&160;&160;&160;&160;&160;&160;Should we wring our hands or clap them? The decision is up to you. But as soon as you're finished, we need to return to the hard work of reducing drug abuse, which is a long-term affair that transcends partisan squabbles.
&160;&160;&160;&160;&160;&160;FRANCIS X. KINNEY
&160;&160;&160;&160;&160;&160;Director of strategy
&160;&160;&160;&160;&160;&160;Office of National Drug Control Policy
&160;&160;&160;&160;&160;&160;Washington
&160;&160;&160;&160;&160;&160;

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Thanks to The Washington Times for the lead editorial criticizing the political spin being put on the recent Monitoring the Future teen drug-use study. The perceptive editorial brought us back to reality from a moment of unjustified hope that America's teen drug and violence problem may be improving substantially.
&160;&160;&160;&160;&160;&160;Although the study's authors and sponsors certainly were accentuating the few bright spots, the study also included many hard facts documenting the continuing tragically high levels of drug use among teens.
&160;&160;&160;&160;&160;&160;Several similar studies have been released in the past few weeks, and in total, they paint a bleak picture for America's kids and families. Capping those studies was the Dec. 20 Time magazine article revealing the irrational hatred and anger of the two teen shooters at Columbine High School, whose use of the illegal (for teens) drug alcohol has been revealed as a possible explanation for the inordinate rage that led to their horrific school massacre. The daily drumbeat of news stories about babies being scalded and beaten, abused and murdered by drug-crazed parents and baby sitters also continues to add to the overwhelming evidence that drugs make many people insane. With this enormous volume of information proving the disastrous effects of drugs on public safety, particularly among young vulnerable children, it becomes obvious that this nation is in the midst of a social crisis at least as great as any ever before experienced in American history.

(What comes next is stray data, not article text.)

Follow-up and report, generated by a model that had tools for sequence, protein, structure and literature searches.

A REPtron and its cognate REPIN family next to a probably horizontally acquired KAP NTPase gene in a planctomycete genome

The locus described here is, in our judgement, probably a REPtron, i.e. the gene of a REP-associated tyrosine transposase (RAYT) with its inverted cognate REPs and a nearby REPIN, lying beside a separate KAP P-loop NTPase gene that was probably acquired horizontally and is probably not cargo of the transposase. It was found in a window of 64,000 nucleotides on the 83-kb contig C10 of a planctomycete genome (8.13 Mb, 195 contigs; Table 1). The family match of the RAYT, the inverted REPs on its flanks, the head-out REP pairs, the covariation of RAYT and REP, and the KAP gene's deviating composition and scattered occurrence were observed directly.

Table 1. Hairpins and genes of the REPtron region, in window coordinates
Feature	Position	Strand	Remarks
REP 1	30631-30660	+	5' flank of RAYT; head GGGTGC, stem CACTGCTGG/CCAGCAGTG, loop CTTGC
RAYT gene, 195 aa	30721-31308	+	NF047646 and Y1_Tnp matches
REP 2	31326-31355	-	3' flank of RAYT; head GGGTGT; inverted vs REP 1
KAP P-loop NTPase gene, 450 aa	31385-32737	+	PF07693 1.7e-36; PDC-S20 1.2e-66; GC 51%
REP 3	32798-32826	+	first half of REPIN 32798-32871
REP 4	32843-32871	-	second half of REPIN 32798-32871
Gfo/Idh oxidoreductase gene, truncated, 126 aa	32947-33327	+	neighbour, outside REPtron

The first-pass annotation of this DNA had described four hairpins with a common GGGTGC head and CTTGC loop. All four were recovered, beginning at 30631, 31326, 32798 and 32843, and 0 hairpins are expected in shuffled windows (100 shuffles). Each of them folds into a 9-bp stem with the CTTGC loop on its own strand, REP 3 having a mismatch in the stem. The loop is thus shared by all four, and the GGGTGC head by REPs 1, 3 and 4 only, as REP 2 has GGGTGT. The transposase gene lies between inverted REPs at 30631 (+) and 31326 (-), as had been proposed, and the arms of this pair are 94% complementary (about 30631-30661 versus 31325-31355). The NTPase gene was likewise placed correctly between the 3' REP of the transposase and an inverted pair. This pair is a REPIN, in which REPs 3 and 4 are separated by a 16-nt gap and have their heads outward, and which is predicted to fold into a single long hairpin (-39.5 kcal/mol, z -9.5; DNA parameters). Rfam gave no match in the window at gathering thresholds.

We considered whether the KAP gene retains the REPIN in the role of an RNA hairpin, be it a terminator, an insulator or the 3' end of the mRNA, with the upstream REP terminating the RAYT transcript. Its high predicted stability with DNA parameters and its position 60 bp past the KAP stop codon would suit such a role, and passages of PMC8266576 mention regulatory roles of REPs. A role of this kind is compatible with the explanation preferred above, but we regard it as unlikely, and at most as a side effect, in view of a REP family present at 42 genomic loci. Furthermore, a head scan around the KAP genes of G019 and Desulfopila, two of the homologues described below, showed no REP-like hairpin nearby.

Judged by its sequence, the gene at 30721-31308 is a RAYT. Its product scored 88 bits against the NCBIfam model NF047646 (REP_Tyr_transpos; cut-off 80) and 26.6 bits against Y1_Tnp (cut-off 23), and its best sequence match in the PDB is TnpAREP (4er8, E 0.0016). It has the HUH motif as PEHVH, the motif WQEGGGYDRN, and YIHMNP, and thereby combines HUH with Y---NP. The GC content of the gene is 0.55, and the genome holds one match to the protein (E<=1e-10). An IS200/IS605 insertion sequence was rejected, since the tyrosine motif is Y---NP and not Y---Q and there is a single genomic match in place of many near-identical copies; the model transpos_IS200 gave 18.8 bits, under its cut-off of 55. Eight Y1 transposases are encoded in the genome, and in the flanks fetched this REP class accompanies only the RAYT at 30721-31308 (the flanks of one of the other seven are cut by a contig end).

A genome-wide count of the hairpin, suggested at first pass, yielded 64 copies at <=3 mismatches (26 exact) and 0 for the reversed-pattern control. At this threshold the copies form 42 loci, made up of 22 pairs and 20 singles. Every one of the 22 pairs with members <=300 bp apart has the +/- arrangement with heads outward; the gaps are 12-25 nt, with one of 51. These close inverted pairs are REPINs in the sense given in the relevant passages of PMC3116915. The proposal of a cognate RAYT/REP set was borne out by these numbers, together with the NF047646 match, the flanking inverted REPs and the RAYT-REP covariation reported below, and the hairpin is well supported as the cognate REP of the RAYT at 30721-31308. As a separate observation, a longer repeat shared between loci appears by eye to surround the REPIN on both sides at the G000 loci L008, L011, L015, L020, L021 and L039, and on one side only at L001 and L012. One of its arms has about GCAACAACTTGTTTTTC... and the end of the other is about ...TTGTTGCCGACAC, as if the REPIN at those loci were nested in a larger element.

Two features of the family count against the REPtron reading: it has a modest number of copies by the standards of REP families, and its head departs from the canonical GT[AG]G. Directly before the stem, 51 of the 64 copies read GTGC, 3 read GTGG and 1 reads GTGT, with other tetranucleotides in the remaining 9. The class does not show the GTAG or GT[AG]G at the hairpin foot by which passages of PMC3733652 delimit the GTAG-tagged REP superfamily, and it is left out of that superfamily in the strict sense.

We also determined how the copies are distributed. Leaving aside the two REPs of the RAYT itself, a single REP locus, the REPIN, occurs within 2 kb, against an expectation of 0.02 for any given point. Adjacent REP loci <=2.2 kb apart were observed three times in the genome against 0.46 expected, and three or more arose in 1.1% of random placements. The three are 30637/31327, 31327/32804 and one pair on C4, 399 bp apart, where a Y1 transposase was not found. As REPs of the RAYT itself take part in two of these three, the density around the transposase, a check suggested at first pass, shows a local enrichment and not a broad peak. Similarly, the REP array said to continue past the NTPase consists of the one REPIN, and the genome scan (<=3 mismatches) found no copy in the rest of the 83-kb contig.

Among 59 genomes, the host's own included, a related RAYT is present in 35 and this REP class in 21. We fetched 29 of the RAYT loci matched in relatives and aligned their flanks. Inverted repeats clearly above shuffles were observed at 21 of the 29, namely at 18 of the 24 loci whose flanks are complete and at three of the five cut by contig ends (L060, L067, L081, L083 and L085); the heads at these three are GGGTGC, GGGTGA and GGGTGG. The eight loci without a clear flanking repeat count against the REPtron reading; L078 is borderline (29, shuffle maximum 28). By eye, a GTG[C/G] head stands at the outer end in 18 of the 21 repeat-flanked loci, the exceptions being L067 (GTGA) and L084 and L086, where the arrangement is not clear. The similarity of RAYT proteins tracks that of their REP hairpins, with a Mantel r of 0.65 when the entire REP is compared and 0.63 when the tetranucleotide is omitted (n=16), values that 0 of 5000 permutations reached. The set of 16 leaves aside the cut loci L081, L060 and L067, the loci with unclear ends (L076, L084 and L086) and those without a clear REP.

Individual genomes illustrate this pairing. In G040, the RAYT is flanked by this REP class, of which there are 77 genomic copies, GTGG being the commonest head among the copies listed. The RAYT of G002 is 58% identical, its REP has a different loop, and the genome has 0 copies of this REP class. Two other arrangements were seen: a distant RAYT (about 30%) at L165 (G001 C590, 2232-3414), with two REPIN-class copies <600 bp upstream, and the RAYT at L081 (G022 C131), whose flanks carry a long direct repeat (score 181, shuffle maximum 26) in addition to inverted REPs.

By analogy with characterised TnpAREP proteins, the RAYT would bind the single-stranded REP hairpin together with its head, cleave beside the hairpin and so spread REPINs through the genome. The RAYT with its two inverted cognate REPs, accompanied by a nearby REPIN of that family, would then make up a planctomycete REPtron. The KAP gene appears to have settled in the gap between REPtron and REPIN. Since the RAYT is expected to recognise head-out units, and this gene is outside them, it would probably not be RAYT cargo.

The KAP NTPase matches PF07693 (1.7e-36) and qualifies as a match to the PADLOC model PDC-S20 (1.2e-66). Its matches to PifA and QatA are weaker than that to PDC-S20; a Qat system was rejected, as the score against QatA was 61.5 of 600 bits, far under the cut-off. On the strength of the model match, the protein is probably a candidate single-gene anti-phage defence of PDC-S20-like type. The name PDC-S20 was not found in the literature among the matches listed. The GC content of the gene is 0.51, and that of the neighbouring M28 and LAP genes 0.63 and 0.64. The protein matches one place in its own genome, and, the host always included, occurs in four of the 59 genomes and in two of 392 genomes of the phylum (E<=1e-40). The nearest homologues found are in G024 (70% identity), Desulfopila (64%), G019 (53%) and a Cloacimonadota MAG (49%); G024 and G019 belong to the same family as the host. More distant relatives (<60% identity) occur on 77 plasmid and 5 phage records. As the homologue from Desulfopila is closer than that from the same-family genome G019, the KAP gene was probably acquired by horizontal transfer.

&160;&160;&160;&160;&160;&160;The facts contained in these studies and news reports will have to be faced honestly if we are ever to fix the awful problem. It certainly is counterproductive to developing real solutions to this serious problem when public officials feed the massive denial of this American tragedy by spinning deceptive conclusions to these important scientific studies.
&160;&160;&160;&160;&160;&160;Thank God for the objective honesty of The Washington Times in its coverage of the drug problem. It is like a breath of fresh air in the smog of soft-on-drugs partisan spinning coming from your competition.
&160;&160;&160;&160;&160;&160;DEFOREST RATHBONE
&160;&160;&160;&160;&160;&160;Chairman
&160;&160;&160;&160;&160;&160;National Institute of Citizen Anti-drug Policy
&160;&160;&160;&160;&160;&160;Great Falls

Redskins' quarterback made the grade

In the "Redskins grades" graphic ("Not greatest team, but its a playoff one in a mediocre year," Sports, Dec. 27), one wonders if the reporter looked at much of the game against the San Francisco 49ers or the game's statistics in giving quarterback Brad Johnson a grade of B.